On the plus side, many airlines have changed their cancellation policies, which means you can change your flights without penalty even now (check with your particular airline to see if that is an option before booking). I suspect it will last long but as airlines try to get people to sit down they will make it easier to change your flight to do so!
What do hotels, hostels and Airbnb do?
Houses in many cities have been closed or forced to run at reduced capacity. Most large chains that have opened (or reopened) have promised to improve cleaning practices. Some of the major changes a guest is making are:
- Check temperature / health of guests on arrival.
- Improved disinfection and cleaning of the registration desk and common areas (swimming pools, fitness centers, etc.).
- Adjustments to communal areas to maintain social distances.
- Extra disinfection for most used items in hotel rooms (doorknobs, remote control, light switches, etc.)
Most hotels have also changed their cancellation policy to make bookings more flexible as the situation is so fluid. Here are the statements and policies of major hotel chains so you can review their changes and commitments for yourself:
InterContinental Hotel Group
And if you want to learn more about Airbnb and how it responds to the current situation, here’s their Coronavirus policy and update page.
As far as hostels are concerned, it’s so difficult to tell what all the hostels in the world are doing. There is no hostel association where members have to abide by specific guidelines as in other areas. But here are some policies from some of the biggest hostel chains to give you an idea of the industry right now:
San Cristoforo Hostels
Make sure you contact the hostels directly as they will be best placed to answer your questions.
What about the tour operators?
Many tour companies do not even sell flights at this time, so you will need to look ahead to see which companies are still offering tours during your travel dates. Here are some travel updates and policy changes from my favorite tour companies:
Fat Tire Tours
Make sure you double-check the company’s cancellation and refund policies in case they start selling flights again but need to close quickly in case of another update. You don’t want to be stuck with no money.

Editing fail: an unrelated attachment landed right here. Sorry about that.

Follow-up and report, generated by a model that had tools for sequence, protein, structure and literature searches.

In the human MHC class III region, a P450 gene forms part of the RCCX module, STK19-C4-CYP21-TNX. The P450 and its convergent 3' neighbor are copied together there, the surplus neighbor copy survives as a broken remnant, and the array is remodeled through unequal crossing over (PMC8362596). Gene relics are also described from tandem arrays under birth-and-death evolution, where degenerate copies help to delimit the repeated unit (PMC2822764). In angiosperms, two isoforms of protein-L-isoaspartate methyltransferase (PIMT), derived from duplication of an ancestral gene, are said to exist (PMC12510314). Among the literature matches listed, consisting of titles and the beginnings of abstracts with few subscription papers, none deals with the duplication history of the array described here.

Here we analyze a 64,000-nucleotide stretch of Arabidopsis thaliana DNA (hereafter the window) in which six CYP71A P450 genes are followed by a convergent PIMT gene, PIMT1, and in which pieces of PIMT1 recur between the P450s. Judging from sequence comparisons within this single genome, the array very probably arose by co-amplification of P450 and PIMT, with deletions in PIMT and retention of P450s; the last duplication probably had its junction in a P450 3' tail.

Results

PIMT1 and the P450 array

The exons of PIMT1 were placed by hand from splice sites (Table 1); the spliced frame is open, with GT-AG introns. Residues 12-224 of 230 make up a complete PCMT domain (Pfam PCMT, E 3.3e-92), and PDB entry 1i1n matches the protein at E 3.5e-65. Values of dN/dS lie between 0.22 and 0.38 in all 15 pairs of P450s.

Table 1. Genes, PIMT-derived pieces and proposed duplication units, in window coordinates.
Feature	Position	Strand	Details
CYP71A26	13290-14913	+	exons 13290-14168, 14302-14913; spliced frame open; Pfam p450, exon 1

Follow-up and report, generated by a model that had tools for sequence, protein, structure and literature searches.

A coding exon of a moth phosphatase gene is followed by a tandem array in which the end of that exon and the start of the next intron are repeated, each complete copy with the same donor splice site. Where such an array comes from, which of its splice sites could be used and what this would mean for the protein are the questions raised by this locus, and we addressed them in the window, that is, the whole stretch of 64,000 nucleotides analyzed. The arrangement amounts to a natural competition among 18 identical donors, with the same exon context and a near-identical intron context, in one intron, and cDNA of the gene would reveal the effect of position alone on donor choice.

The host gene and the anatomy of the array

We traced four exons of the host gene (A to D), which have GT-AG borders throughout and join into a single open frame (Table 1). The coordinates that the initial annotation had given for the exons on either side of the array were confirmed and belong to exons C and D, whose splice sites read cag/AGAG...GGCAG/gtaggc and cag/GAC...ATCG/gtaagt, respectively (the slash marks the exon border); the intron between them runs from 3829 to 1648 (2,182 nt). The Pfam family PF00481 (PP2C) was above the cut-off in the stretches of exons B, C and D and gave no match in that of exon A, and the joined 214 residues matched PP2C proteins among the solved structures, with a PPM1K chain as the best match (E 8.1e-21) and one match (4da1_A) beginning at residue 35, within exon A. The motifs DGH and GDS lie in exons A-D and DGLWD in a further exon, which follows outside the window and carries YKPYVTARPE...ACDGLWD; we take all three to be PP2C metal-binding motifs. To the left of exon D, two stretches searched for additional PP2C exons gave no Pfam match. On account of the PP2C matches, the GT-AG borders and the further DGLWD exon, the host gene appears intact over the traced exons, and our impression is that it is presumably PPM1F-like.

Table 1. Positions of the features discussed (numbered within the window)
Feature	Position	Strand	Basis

For daily activities in a city, check with the local tourist office. They will have up-to-date knowledge of what the attractions do and information about changes to public transport.
Will travel insurance cover me?
Most travel insurance does not apply during a pandemic. This is especially true if your government has issued warnings not to visit specific regions or countries. In fact, some travel insurance companies are not even currently selling insurance in light of the situation. But, as the crisis continues, many travel insurance companies have adapted their policies.
World Nomads, Medjet, and Security Wing all offer some form of COVID medical coverage, so if you fall ill while traveling, your medical bills will be paid. Check their policies for details.
Also, if you want to make sure you get paid beyond your medical bills, here’s what I suggest you do:
- Purchase insurance policies or “cancel for any reason” plans that include full travel interruption and cancellation coverage.
- Make all purchases with a travel credit card that also has insurance cover.
- Only visit destinations that do not have government notices.
How long will it take to book my trip?
As I update this on 2/2/21, the situation is still evolving. Countries have opened and closed, often leaving passengers stranded at short notice.
If you want to travel, I’d book everything within a week or two before leaving. Keep an eye on the case count, and if the cases are still low where you want to go, you should be fine. If cases increase, there is a risk that new restrictions will occur in an instant.
There are a lot of offers out there because so few people are traveling at the moment. Prices usually go up and last-minute ordering makes you pay more, but that old adage is not true at the moment.
Also, we won’t go anywhere if you can’t get a COVID test within 72 hours of leaving. Proof of COVID negative may suddenly be needed. Also, you want to make sure you are not sick or an asymptomatic carrier. It’s important to be a good guy and make sure that if you go somewhere, regardless of the rules, you don’t carry COVID with you.
It’s good that the world is starting to open up again, but I personally think it’s better to focus on traveling within your borders right now until the international situation is a bit better organized, that guidance more clearly and to see the clearest effects of reopening on destinations. Do I travel nationally but internationally? I’m very much in the “wait and see” field.
But, with the external guidelines related to COVID and travel, you can at least begin to understand the rules and what to expect when you start traveling!